Profiles from the Archives: James G. Lane

Author: 
Matthew M. Peek, Military Collection Archivist

James Graham Lane was born on May 14, 1893, in Red Bluff, S.C., to Julius J. and Nettie M. Graham Lane. Julius Lane was a planter, and Julius’ father was the wealthy planter and physician James H. Lane. By the time America entered World War I, James Lane and his family had come to live in the community of Auburn in Wake County, N.C.

Working on his father’s farm at the time, James Lane entered military service for World War I at the U.S. Navy Recruiting Station in Raleigh, N.C., on March 8, 1918. Lane was inducted into service with the rank of a Landsman for Quartermaster (Aviation), which meant that he had no aviation experience. He was sent to the U.S. Naval Training Camp in Charleston, S.C., on March 9, 1918.

Lane stayed in Charleston until June 1, 1918, when he was transferred to the Naval Training Station at Hampton Roads, Virginia. He held the rank of Quartermaster First Class (Aviation) at Hampton Roads. On October 27, 1918, Lane was transferred to the U.S. Naval Aviation Mechanic School in Buffalo, N.Y. On October 31, 1918, James Lane was transferred again to a receiving ship in Philadelphia, Pennsylvania, where he remained through the signing of the Armistice on November 11, 1918.

James Lane was never sent overseas during the war. During his stateside military training, Lane wrote frequently to his older sister Bessie E. Lane, as well as occasionally to his father and grandfather. James Lane was honorably discharged while he was stationed on a receiving ship in Norfolk, Virginia, on December 18, 1918.

After the war, James G. Lane returned to Raleigh, N.C., and would marry Mary Jessamine Poole on September 17, 1919, in Wake County, N.C. The Lane family moved back to the community of Auburn, where James worked as a farmer. During the late 1930s, Lane became an associate supervisor for President Franklin D. Roosevelt’s Farm Security Administration (FSA), part of the New Deal program. The FSA helped with rural rehabilitation, farm loans, and subsistence homestead programs during the Great Depression. James G. Lane died on July 3, 1956, in Raleigh, N.C., and was buried in Mount Moriah Baptist Church Cemetery in the same city.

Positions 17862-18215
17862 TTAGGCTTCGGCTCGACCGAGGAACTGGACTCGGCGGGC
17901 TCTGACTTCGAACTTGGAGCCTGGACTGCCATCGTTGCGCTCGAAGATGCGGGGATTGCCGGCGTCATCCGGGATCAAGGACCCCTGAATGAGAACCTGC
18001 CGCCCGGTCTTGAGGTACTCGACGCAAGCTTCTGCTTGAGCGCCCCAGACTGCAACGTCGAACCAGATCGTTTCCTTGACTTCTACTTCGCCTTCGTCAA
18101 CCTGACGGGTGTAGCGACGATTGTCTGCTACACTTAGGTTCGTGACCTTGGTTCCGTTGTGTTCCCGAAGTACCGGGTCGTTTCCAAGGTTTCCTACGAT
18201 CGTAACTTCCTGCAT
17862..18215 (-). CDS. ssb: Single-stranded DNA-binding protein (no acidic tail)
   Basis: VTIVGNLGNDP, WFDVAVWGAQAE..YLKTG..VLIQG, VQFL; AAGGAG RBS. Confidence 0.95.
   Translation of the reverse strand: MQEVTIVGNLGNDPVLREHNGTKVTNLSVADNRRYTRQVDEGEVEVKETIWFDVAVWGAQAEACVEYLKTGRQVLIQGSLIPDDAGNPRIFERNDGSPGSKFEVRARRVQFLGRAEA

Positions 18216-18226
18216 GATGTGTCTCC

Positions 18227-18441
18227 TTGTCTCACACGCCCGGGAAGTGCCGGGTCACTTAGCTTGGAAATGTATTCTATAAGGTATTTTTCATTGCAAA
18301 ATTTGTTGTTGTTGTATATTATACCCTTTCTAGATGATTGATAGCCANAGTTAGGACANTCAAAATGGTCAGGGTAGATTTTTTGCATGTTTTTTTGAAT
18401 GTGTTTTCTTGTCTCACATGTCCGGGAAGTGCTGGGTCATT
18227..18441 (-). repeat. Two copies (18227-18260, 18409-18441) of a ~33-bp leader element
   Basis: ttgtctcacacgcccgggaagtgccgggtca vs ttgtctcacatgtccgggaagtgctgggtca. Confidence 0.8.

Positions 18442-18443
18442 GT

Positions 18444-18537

You can read James Lane’s correspondence online through the WWI collection of the North Carolina Digital Collections, a joint effort of the State Archives of North Carolina and the State Library of North Carolina.

To learn more about James Lane’s WWI service, check out his collection James G. Lane Papers (WWI 40) held in the WWI Papers of the Military Collection at the State Archives of North Carolina in Raleigh, N.C.

This blog post is part of the State Archives of North Carolina’s World War I Social Media Project, an effort to bring original WWI archival materials to the public through the North Carolina Department of Natural and Cultural Resources’ (NCDNCR) various social media platforms, in order to increase access to the items during the WWI centennial celebration by the state of North Carolina.

Between February 2017 and June 2019, the State Archives of North Carolina will be posting blog articles, Facebook posts, and Twitter posts, featuring WWI archival materials which are posted on the exact 100th anniversary of their creation during the war. Blog posts will feature interpretations of the content of WWI documents, photographs, diary entries, posters, and other records, including scans of the original archival materials, held by the State Archives of North Carolina, and will be featured in NCDNCR’s WWI centennial blog.